Photo: Cliff Hawkins/Getty Images

2020 Democratic candidate Sen. Bernie Sanders said Tuesday that his campaign brought in $18 million from "nearly 1 million donors" during the second quarter of 2019.

Why it matters: Sanders is relying on the power of small donors to fund his campaign. He's been able to do so after developing an extensive network of supporters following his high-profile 2016 presidential run.

The big picture: Sanders raised $18.2 million during the first quarter, more than any other candidate. However, some other Democratic contenders appear to be catching up and even surpassing him in the 2nd quarter — most notably South Bend, Indiana, Mayor Pete Buttigieg, who said Tuesday his campaign raised $24.8 million in Q2.

By the numbers:

  • Sanders raised $18 million, but will be reporting $24 million to the Federal Election Commission after transferring $6 million from other accounts.
  • The campaign said it received "almost 200,000 individual donations" since the day of the first debate.
  • The average donation was $18.

What to watch: July 15 is the FEC filing deadline for Q2. More candidates to release their fundraising numbers in the two weeks until then.

Go deeper: Track every candidate's Q1 fundraising totals

Go deeper

Updated 5 mins ago - Politics & Policy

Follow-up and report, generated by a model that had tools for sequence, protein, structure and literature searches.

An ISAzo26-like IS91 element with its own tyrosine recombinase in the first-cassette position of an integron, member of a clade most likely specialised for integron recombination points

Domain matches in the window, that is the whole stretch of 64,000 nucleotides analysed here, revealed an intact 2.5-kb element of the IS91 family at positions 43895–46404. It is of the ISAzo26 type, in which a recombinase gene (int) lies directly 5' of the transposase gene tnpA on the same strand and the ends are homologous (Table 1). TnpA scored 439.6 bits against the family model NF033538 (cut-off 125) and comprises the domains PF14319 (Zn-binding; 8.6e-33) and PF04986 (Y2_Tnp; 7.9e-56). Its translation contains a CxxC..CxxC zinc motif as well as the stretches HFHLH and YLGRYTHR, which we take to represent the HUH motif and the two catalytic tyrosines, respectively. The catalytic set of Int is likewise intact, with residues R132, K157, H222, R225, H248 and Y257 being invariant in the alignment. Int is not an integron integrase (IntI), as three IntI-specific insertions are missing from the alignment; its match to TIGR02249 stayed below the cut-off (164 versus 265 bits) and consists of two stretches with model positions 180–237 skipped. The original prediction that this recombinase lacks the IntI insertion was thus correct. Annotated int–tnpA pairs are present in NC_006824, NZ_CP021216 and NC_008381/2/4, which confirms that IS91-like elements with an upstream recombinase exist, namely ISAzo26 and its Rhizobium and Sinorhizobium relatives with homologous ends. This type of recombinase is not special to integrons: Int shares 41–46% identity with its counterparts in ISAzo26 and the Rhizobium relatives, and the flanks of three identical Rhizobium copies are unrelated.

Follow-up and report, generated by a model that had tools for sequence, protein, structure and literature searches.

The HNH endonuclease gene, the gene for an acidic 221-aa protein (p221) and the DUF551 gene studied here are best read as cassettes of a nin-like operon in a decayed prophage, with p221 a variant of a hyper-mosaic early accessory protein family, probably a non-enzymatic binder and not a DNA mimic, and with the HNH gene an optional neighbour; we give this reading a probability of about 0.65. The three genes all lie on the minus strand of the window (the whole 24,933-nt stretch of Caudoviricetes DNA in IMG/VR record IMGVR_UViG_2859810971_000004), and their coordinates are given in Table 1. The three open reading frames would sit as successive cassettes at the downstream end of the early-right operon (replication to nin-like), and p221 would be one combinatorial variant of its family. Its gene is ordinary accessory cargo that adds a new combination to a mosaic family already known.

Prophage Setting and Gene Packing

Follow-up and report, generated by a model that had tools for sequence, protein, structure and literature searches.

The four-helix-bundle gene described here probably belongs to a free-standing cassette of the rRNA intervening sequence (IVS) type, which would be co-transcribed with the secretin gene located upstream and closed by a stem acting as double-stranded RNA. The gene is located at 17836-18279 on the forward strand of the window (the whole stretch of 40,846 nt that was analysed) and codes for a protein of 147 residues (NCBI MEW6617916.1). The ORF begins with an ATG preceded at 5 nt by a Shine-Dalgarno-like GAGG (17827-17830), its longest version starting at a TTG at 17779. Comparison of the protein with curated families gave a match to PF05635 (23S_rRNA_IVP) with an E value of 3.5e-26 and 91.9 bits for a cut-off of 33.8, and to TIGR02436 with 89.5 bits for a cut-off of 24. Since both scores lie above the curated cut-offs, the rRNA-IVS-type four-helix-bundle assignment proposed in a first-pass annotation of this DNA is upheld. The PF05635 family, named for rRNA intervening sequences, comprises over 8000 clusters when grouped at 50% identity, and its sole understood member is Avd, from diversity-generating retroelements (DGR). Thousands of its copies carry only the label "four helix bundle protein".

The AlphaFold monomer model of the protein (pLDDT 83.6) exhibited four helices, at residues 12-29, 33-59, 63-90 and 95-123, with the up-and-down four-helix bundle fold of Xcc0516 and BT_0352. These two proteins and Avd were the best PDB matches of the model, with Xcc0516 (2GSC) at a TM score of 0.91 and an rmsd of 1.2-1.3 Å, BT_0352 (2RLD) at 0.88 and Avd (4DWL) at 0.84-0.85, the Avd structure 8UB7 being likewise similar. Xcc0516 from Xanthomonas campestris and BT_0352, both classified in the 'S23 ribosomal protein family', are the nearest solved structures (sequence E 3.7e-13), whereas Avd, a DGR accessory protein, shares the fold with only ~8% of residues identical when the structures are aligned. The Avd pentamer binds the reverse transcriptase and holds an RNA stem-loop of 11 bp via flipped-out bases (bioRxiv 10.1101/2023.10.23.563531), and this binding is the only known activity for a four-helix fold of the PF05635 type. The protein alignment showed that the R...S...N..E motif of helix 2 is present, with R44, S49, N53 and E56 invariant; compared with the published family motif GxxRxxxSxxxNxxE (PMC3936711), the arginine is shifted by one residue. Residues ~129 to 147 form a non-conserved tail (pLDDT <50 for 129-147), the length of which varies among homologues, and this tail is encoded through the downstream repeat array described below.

Coronavirus dashboard

Illustration: Sarah Grillo/Axios

  1. Global: Total confirmed cases as of 9:30 p.m. ET: 32,746,147 — Total deaths: 991,678 — Total recoveries: 22,588,064Map.
  2. U.S.: Total confirmed cases as of 9:30 p.m. ET: 7,007,450 — Total deaths: 204,486 — Total recoveries: 2,750,459 — Total tests: 100,492,536Map.
  3. States: New York daily cases top 1,000 for first time since June — U.S. reports over 55,000 new coronavirus cases.
  4. Health: The long-term pain of the mental health pandemicFewer than 10% of Americans have coronavirus antibodies.
  5. Business: Millions start new businesses in time of coronavirus.
  6. Education: Summer college enrollment offers a glimpse of COVID-19's effect.
Updated 4 hours ago - Politics & Policy

What they're saying: Trump nominates Amy Coney Barrett for Supreme Court

Judge Amy Coney Barrett in the Rose Garden of the White House on Sept. 26. Photo: Oliver Douliery/AFP via Getty Images

Democratic and Republican lawmakers along with other leading political figures reacted to President Trump's Saturday afternoon nomination of federal appeals court Judge Amy Coney Barrett to succeed Justice Ruth Bader Ginsburg on the Supreme Court.

What they're saying: "President Trump could not have made a better decision," Senate Majority Leader Mitch McConnell said in a statement. "Judge Amy Coney Barrett is an exceptionally impressive jurist and an exceedingly well-qualified nominee to the Supreme Court of the United States."

Amy Coney Barrett: "Should I be confirmed, I will be mindful of who came before me"

Trump introduces Amy Coney Barrett as nominee to replace Ruth Bader Ginsburg. Photo: Olivier Douleiry/Getty Images

In speaking after President Trump announced her as the Supreme Court nominee to replaced Ruth Bader Ginsburg, Circuit Court Judge Amy Coney Barrett said on Saturday she will be "mindful" of those who came before her on the court if confirmed.

What she's saying: Barrett touched on Ginsburg's legacy, as well as her own judicial philosophy and family values. "I love the United States and I love the United States Constitution," she said. "I'm truly humbled at the prospect of serving on the  Supreme Court."